Every North American knows how essential pumpkin pie is to Thanksgiving and Christmas. And because my family has such an amazing pumpkin pie recipe, it’s a dessert I’ve truly, 100%, fallen head-over-heels in love with. However, pumpkin pie is not a staple here in Australia, so I’ve had to bring my Canadian heritage across the Pacific with me, and now seem to be the purveyor of pumpkin pie at every opportunity I get. Aussies love roast pumpkin as a savoury vegetable, so it’s pretty easy to convince them to eat it in pie form, too.
Pumpkin pie is–if not simple, not particularly difficult to make, either. It just requires a bit of patience and gumption, a willingness to not take shortcuts and good humour to make up for whatever mishaps might befall you on your pumpkin pie making adventures. If you’ve read Deanne’s intro to this blog, you’ll know of some of the adventures we three gals had on our pumpkin pie-making night–and while I’ve made this recipe ten times if I’ve made it once, it seems to happen differently every time… and I’ve been convinced on several occasions that it would taste horrible, wouldn’t set, poison someone, or fail completely… and every time, it’s come out as delicious as I remember my mum having made it.
I don’t mean to brag, but this pie has also won awards. It’s that good. It’s so light that even a novice pumpkin pie eater will enjoy it, so don’t let anyone refuse a piece! If you’re ready to take on the glory that is pumpkin pie, roll up your sleeves and prepare for an adventure…
Pumpkin Chiffon Pie
Makes: 2 pumpkin pies
Cooking time: 30 mins hands-0n, 4 hours start to finish (minimum!)
- 2.5 cups mashed pumpkin (using plain canned pumpkin is the easier method for this pie, but you can also roast your own; see below for instructions. interestingly, the taste stays about the same.)
- 6 eggs, yolks and whites separated
- 1 cup sugar
- 1 cup milk
- 1 tsp each salt, ginger, nutmeg, & cinnamon
- 2 envelopes gelatin (or 2 tbsp powdered)
- 1/2 cup cold water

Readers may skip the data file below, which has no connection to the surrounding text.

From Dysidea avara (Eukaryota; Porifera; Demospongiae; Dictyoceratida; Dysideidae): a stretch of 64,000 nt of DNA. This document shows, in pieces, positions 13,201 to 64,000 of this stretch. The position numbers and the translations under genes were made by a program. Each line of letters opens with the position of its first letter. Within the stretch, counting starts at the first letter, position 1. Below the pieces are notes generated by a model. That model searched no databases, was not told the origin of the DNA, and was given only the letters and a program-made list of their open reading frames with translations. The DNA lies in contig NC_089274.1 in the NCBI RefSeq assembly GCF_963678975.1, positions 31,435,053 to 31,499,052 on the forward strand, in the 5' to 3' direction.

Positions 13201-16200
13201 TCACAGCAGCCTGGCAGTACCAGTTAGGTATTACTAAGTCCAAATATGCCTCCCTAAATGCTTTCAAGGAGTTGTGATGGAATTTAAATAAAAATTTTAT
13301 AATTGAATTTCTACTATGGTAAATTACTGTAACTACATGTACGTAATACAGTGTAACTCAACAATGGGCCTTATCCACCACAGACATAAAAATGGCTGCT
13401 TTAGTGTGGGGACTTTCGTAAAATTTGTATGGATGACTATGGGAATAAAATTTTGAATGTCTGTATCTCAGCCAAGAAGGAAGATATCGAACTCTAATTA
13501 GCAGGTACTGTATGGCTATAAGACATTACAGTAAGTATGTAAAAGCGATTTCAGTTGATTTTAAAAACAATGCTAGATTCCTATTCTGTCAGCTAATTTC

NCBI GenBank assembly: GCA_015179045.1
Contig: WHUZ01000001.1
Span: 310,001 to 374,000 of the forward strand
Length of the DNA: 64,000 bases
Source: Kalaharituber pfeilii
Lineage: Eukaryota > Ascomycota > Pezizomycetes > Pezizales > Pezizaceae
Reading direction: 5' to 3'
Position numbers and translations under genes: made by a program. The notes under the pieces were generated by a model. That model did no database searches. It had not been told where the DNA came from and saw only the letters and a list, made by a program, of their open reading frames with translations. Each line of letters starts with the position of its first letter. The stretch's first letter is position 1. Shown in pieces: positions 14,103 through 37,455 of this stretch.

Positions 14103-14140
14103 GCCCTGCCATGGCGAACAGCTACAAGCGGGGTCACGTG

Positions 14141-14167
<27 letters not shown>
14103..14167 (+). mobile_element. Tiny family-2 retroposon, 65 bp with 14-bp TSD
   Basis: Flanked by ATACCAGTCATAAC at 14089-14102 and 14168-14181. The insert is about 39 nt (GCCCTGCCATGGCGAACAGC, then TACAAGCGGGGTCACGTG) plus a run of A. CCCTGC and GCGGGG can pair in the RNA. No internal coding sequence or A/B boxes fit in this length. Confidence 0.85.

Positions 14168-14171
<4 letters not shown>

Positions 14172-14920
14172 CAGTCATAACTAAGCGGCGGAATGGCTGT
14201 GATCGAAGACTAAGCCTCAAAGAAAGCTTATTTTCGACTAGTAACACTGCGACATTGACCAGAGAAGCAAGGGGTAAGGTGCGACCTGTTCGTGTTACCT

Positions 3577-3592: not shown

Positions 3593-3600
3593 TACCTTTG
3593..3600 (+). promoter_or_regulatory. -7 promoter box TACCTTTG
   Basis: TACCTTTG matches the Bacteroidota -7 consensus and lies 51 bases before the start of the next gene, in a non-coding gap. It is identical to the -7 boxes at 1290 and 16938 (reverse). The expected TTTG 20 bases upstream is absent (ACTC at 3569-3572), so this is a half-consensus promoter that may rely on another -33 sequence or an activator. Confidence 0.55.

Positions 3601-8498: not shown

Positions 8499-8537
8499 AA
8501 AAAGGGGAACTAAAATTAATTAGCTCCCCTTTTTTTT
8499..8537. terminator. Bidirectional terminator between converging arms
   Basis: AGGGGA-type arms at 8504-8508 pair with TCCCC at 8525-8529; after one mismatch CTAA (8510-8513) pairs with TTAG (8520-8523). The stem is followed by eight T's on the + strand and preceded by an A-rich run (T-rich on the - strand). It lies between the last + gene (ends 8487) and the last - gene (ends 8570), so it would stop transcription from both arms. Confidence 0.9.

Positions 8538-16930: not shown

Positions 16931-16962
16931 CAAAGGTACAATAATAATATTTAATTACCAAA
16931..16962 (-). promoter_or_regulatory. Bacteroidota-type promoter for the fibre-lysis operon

You will also need 2 pre-cooked pastry shells. You can either make these with our Painless Pastry recipe, or you can use bought ones. Be sure they’re pastry, not graham wafer crust!
Roasting your pumpkin: If you’re not using canned pumpkin, you’ll have to roast it up so it’s nice and soft for mashing. Cut your pumpkin into quarters (this recipe uses about half a cooking pumpkin, depending on the size), drizzle with olive oil, and a few pinches of cinnamon, ginger, and nutmeg (optional, but it smells great while roasting!). Pour about 1 cm of water in the bottom of the pan, and cover with tin foil. Bake for about an hour and a half at 400 F / 200 C. It may need longer if your pumpkin is thicker. You can cut it up into smaller pieces which will roast faster, and microwaving it with a bit of water will also help to cook it quickly. Your pumpkin is done roasting when it is soft enough to mash it into a smooth consistency with a fork (or food processor if you’re lucky enough to own one!)
Filling: In a medium saucepan, beat egg yolks and sugar together until light. Add pumpkin, milk, and spices, and cook on low heat until the mixture has thickened noticeably, about 5 minutes–stir constantly to prevent the eggs from creating lumps. Mix the half cup of cold water with your gelatin to dissolve it–let sit for 5 minutes before mixing into the pumpkin mixture. Put your pumpkin mixture somewhere to cool to room temperature (or preferably slightly cooler). Note: If you’re making this step ahead, don’t add the gelatin until you’re ready to make the rest of the pie. If you add it and allow it to cool overnight, it will set too early and you’ll have to reheat it and let it re-cool as if you just made it.
Only once your pumpkin mixture is cool, begin to beat your egg whites until they form into stiff peaks. Do NOT pre-whip them! Egg whites will only whip properly if cold, so be sure to store them in the fridge. Once whipped, fold gently into the thickened pumpkin mixture until just mixed. It’s very important that your pumpkin mixture has cooled to at least room temperature, otherwise your egg whites will fall and it’ll end up a big gooey mess instead of light and fluffy, which is what a chiffon pie should be.
And last but not least… pour your pumpkin mixture into pre-cooked pastry shells. Place somewhere cool (like your fridge, or outside if it’s cold enough but not freezing) for several hours until the gelatin has set–it should no longer be jiggly or runny. This generally takes 2-3 hours, or more. Excess pumpkin pie filling can be fed to whoever wants to lick the bowl, or separate it into custard dishes for a yummy snack later.
Serve cool, with a spritz of whipped cream!